"We need a lot of carrots, because we have a serious education problem," agreed Glenn Ross, with the Environmental Justice Partnership. He and others said many residents still don't realize that even inland neighborhoods are linked to the harbor via the vast network of storm drains under city streets.
Councilman James Kraft, who represents the Canton area and who presided over the Judiciary and Legislative Investigations Committee hearing, endorsed Bahr's request for trash cans and pleaded with Foxx to provide them.
(ADDED: It's illegal to put trash out for pickup in anything but a can, but Bahr said he'd found that city sanitation workers were sanctioning it in effect, by advising residents without cans to put all their bags at the ends of alleys. Also, he contended that the city had essentially ignored the buildup of more than 100 "mini-landfills" found during a 10-week sweep last summer of several neighborhoods. Trash was piling up in the backyards of vacant homes, Bahr said, leading him to ask if there were "two Baltimores," with two levels of city services for rich and poor neighborhoods.)
But DPW spokeswoman Celeste Amato wasn't encouraging after the hearing closed. "We've tried that before," she said, recalling that the city doled out 100,000 trashcans with "Believe" printed on them, only to see many lost or stolen or get used to store things other than garbage.
City officials believe the most effective way to curb unwanted litter would be to completely overhaul garbage collection, she said, with every household issued large wheeled bins too big to carry off or get taken indoors. That would also require refitting the trash trucks with mechanical arms to pick up the bins. It's a multimillion-dollar investment the city can't afford to make, but Amato said officials are looking to try the approach out in a couple selected neighborhoods in the next year or so.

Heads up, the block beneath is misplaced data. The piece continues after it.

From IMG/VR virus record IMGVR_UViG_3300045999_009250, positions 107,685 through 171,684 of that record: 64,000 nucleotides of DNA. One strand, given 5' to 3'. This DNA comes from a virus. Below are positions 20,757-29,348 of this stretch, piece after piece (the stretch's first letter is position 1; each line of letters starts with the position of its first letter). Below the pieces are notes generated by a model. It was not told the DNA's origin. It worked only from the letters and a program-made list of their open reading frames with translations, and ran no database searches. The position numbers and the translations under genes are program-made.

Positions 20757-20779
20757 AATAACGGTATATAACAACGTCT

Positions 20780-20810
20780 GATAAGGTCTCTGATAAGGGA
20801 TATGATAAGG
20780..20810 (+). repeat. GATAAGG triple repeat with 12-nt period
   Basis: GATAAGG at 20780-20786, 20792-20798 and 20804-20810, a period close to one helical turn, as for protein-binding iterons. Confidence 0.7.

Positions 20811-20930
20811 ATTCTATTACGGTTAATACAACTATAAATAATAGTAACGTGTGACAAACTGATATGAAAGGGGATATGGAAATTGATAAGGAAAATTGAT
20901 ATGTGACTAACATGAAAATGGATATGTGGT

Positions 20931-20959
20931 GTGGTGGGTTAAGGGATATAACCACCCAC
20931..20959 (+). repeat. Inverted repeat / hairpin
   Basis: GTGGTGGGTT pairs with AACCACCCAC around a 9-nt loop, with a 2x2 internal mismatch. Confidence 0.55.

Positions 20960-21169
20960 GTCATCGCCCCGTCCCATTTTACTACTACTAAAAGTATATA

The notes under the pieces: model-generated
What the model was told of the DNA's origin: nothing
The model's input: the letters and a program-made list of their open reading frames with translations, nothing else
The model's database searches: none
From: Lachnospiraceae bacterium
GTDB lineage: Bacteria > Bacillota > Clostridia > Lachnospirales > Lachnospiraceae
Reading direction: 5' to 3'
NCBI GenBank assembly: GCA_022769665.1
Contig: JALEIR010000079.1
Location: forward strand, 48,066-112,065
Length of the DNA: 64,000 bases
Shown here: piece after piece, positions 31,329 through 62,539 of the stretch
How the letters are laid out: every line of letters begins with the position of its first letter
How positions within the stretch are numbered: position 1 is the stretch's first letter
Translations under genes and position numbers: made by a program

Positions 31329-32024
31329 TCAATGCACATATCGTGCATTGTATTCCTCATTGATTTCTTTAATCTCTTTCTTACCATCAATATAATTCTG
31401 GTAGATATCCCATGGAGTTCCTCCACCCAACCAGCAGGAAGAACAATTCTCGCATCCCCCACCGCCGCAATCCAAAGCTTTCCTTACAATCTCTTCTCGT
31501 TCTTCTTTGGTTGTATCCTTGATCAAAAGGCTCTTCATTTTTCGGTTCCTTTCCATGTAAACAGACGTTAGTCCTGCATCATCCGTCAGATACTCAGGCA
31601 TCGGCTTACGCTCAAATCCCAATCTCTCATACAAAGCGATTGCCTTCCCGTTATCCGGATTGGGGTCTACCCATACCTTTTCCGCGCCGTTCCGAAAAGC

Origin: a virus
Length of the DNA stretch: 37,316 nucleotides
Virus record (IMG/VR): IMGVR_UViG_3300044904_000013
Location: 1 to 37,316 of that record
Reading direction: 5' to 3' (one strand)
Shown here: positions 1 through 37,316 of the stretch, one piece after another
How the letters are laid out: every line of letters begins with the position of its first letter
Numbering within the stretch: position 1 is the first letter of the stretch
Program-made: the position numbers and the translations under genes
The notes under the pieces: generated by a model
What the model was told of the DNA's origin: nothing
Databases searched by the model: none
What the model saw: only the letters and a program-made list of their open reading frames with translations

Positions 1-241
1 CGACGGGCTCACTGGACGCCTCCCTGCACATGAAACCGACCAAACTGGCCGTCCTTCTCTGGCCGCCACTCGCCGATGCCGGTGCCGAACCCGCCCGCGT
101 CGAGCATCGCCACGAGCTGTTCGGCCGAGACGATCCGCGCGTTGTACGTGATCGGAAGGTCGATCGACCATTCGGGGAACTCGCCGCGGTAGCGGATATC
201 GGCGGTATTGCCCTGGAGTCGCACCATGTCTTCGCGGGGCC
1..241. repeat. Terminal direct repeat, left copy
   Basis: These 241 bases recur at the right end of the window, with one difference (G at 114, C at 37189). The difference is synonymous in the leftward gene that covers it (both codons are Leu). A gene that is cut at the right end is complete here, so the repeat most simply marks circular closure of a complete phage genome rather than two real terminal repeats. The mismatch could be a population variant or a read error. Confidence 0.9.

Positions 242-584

Ray Ehrlich, a member of the Baltimore's Sustainability Commission, urged city officials to consider stiffening fines for illegal dumping and ramping up litter enforcement efforts in other ways. He recommended against attempting to ban plastic bags, bottles or other consumer packaging that frequently winds up in the streets and water. Such product bans don't reduce litter, he argued, only change its makeup. The real problem is a cultural one, that littering is too readily accepted these days, he said.
But some backed curbs on plastic bags, bottles and foam, while others pointed out that littering isn't solely an urban problem. The Gwynns Falls and Jones Falls, which empty into the Inner Harbor, begin far north of the city line in Baltimore County. One speaker noted that he'd recently witnessed a woman outside a Starbuck's coffee shop in Baltimore County toss a food wrapper on the ground.
"Trash in the harbor is an upstream, downstream and everywhere in between problem," Foxx said. "It will take all of us to solve it."
"There's a lot of work to do here," Kraft said as the hearing wrapped up. The city could wind up needing to spend tens of millions or even hundreds of millions of dollars to clean up all the pollutants in the harbor, he observed, including the sewage leaks maknig the harbor unfit for swimming and toxic contaminants in fish.
Kraft then issued a challenge to Johns Hopkins University and the University of Maryland to do more to help the city deal with its pollution problems. The two institutions are tax-exempt, so can't readily be dunned to help pay for the effort.
The UM Center for Environmental Science already is assisting in assessing water quality in the harbor. But Kraft noted that each school has a wealth of resources, including scientists and engineers. He called on both universities - one state-funded, the other private - to pitch in to a greater degree than they do now.
(Closeup floating debris Inner Harbor, Sept. 2010. National Aquarium photo)